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NSW Pledges to Halve Rough Sleepers by 2025


Monday, 18th February 2019 at 5:14 pm
Luke Michael
New South Wales Premier Gladys Berejiklian has vowed to halve the number of people sleeping rough across the state by 2025, but homelessness advocates warn this cannot be done without an urgent injection of social and affordable housing.


Monday, 18th February 2019
at 5:14 pm
Luke Michael


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NSW Pledges to Halve Rough Sleepers by 2025
Monday, 18th February 2019 at 5:14 pm

New South Wales Premier Gladys Berejiklian has vowed to halve the number of people sleeping rough across the state by 2025, but homelessness advocates warn this cannot be done without an urgent injection of social and affordable housing.  

Berejiklian signed an agreement to reduce rough sleeping numbers alongside the City of Sydney and other service providers last Wednesday, as part of an Institute of Global Homelessness program.

She said the government had already invested $1 billion in funding for homelessness services over the past four years and were now pushing themselves to do even more.

“We know that homelessness is not just a city issue, which is why we have set this target to halve street homelessness across the entire state by 2025,” Berejiklian said.

“Homelessness is a complex social issue that cannot be solved by government alone – that’s why we will be inviting the best and brightest from the frontline and from the community to collaborate with us to find new ways of tackling street homelessness.”

The Good Growth Alliance, a coalition of peak industry bodies and NGO leaders, welcomed the government’s pledge but called for a clear action plan to address the key causes of homelessness, and the delivery of 5,000 social housing properties a year over the next decade.

Community Housing Industry Association (CHIA) NSW CEO Wendy Hayhurst said more social housing must be a central part of any strategy for ending homelessness across the state.

“Housing inequality and the undersupply of both social and affordable housing is the key driver of homelessness,” Hayhurst said.

“We know that NSW is short 140,000 social housing properties. Filling that gap will be absolutely critical to meeting any targets around homelessness. A capital growth fund is the most efficient means of funding that supply.”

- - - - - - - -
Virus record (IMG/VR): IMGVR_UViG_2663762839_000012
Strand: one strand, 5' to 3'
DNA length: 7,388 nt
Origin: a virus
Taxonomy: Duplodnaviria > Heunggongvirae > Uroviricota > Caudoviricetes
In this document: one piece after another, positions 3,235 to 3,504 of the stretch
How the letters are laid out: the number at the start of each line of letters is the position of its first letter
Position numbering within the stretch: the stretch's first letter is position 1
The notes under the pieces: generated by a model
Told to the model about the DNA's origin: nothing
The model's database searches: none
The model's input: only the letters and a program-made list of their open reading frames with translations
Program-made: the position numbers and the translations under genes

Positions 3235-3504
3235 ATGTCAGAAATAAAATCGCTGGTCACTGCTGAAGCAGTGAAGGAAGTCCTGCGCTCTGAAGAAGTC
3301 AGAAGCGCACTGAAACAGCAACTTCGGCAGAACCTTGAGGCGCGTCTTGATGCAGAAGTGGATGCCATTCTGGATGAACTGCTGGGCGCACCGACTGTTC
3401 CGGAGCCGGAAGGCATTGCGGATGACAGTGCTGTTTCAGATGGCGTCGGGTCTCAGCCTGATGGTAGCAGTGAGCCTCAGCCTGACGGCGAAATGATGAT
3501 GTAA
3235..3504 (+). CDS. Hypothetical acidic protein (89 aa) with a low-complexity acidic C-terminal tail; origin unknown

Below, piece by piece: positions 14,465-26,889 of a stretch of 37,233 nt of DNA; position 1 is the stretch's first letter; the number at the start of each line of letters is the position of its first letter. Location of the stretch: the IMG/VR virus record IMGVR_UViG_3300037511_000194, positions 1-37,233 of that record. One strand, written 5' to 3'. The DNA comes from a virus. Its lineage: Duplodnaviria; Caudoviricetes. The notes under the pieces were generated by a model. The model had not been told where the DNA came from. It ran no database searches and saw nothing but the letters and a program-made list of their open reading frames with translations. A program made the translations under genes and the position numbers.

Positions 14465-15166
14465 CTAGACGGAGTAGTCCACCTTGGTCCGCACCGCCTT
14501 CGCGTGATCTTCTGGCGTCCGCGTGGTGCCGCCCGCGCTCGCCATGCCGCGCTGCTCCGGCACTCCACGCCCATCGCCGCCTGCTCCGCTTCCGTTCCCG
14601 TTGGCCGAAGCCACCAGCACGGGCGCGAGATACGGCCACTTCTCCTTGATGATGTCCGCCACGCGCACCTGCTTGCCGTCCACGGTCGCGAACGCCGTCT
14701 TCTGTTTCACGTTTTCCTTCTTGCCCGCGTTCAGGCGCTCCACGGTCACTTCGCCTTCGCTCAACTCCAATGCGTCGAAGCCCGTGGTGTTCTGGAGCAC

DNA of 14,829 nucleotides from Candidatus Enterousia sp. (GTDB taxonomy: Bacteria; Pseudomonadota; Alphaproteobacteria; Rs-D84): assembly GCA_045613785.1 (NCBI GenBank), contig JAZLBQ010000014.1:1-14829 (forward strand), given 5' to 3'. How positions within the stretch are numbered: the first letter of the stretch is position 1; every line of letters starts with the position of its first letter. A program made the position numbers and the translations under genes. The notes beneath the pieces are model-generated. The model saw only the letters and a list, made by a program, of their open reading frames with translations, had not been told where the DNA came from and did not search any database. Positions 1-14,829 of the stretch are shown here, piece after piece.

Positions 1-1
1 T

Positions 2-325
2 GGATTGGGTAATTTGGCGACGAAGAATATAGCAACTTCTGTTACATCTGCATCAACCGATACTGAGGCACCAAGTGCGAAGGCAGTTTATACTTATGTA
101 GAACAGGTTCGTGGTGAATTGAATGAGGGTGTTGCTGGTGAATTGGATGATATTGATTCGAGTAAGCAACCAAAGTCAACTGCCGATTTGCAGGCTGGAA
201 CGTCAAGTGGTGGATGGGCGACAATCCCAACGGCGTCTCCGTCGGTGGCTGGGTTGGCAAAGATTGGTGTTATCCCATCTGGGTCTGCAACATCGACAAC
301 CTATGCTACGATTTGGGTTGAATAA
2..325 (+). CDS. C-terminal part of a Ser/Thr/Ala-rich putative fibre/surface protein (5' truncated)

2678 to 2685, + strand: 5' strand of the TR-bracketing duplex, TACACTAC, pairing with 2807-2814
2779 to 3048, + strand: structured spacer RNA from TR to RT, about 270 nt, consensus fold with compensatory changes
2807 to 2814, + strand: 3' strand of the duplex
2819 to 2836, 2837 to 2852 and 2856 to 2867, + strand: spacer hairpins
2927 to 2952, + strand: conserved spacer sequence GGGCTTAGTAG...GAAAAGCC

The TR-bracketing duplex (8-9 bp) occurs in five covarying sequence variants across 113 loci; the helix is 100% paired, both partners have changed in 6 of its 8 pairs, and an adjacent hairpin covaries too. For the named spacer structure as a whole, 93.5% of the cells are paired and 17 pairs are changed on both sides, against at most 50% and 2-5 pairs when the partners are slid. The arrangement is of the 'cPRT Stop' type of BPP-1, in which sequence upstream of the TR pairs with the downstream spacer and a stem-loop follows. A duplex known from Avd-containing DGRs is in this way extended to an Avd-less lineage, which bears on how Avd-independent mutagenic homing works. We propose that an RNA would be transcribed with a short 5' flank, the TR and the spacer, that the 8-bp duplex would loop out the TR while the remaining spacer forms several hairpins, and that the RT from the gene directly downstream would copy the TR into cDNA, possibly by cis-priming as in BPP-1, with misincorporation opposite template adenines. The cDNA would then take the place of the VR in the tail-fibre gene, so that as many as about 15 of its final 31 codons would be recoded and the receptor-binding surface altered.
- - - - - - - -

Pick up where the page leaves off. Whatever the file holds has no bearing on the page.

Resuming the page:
Property Council NSW executive director, Jane Fitzgerald, said the government should go one step further by pledging to end all homelessness by 2029.

“We need all parties and all parts of government to support an evidence-based NSW housing strategy and funded action plan to increase the supply of social, affordable, key worker, and at market housing, and we need a dedicated minister for housing to drive that strategy,” Fitzgerald said.

The NSW government said its assertive street outreach program in Sydney has already housed nearly 300 rough sleepers since May 2017 with 94 per cent successfully maintaining their tenancies for more than a year.

A City of Sydney street count in August 2018 found 278 people were sleeping rough compared to 386 counted in August the year before.

Despite this reduction, Sydney Lord Mayor Clover Moore said the only way to halve rough sleeping was to provide more social and affordable housing in the inner city.

“In our experience, the single most significant driver of homelessness in our city is the lack of social and affordable housing,” Moore said.

“Less than one per cent of houses and apartments built in Sydney in the past eight years are affordable. Without urgent action to provide housing in the inner city, the efforts of this initiative will simply not work.”

Sydney is the 10th city around the world – and the second Australian city after Adelaide – to sign up to the Institute of Global Homelessness’ program.

Institute chair Dame Louise Casey said the initiative helped cities set goals and strategies to reduce rough sleeping and noted that Sydney was now part of an “emerging global movement to end homelessness”.

Charities including St Vincent de Paul, Mission Australia and Salvation Army have also signed up to the program.


Luke Michael  |  Journalist  |  @luke_michael96

Luke Michael is a journalist at Pro Bono News covering the social sector.


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